Authors: Hewes AM, Sansbury BM, Barth S, Tarcic G, Kmiec EB.
Date: 5 June, 2020
Journal: molecular therapy nucleic acids, 20, 568‐579.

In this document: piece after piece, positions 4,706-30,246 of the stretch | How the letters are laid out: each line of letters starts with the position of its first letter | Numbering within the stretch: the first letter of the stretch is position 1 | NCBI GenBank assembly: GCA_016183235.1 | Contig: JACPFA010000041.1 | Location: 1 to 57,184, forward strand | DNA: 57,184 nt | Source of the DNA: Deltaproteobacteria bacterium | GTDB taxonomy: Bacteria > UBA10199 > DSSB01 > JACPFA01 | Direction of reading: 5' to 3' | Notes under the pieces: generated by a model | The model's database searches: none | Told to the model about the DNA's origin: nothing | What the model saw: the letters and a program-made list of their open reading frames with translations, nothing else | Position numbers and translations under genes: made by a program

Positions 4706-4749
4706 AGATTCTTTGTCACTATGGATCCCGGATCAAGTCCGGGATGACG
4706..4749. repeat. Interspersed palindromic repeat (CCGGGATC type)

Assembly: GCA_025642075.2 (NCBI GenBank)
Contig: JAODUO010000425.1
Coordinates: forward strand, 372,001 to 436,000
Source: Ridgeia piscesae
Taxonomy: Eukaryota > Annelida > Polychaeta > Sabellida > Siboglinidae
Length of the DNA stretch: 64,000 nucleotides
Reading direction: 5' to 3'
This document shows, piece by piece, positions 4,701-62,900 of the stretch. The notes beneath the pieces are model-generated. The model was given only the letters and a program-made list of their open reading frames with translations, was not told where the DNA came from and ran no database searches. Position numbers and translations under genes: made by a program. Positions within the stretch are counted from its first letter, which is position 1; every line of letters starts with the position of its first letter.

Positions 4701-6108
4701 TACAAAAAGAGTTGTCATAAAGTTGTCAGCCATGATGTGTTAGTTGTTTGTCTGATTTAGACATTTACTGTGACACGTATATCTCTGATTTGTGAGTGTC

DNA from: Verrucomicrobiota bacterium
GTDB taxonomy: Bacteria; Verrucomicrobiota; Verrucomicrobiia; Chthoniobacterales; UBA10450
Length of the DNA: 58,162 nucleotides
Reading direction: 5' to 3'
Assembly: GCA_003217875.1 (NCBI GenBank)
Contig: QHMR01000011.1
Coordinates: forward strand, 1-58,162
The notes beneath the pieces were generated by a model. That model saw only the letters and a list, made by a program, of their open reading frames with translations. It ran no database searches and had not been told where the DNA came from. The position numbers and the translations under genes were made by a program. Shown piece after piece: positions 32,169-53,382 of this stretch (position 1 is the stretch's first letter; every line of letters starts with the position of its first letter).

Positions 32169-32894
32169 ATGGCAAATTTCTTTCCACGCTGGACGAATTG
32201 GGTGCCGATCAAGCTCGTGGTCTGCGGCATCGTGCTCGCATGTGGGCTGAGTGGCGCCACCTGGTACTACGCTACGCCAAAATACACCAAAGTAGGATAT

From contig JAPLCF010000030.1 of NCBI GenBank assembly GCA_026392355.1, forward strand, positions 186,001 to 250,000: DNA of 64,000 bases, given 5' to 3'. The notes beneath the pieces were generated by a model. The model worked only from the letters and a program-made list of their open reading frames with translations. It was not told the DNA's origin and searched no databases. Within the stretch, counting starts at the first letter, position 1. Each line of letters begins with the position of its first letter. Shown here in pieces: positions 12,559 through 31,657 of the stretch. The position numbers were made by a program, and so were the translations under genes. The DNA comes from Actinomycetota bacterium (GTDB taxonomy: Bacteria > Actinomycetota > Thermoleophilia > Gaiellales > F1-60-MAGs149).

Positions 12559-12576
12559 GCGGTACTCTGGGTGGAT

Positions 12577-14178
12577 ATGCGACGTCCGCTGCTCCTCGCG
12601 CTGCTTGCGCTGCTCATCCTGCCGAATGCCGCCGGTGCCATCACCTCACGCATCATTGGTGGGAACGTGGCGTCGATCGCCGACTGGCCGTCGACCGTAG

CRISPR and associated Cas nucleases are genetic engineering tools revolutionizing innovative approaches to cancer and inherited diseases. CRISPR-directed gene editing relies heavily on proper DNA sequence alignment between the guide RNA (gRNA)/CRISPR complex and its genomic target. Accurate hybridization of complementary DNA initiates gene editing in human cells, but inherent gRNA sequence variation that could influence the gene editing reaction has been clearly established among diverse genetic populations. As this technology advances toward clinical implementation, it will be essential to assess what degree of gRNA variation generates unwanted and erroneous CRISPR activity. With the use of a system in which a cell-free extract catalyzes nonhomologous end joining (NHEJ) and homology-directed repair (HDR), it is possible to observe a more representative population of all forms of gene editing outcomes. In this manuscript, we demonstrate CRISPR/Cas complexation at heterologous binding sites that facilitate precise and error-prone HDR. The tolerance of mispairing between the gRNA and target site of the DNA to enable HDR is surprisingly high and greatly influenced by polarity of the donor DNA strand in the reaction. These results suggest that some collateral genomic activity could occur at unintended sites in CRISPR-directed gene editing in human cells.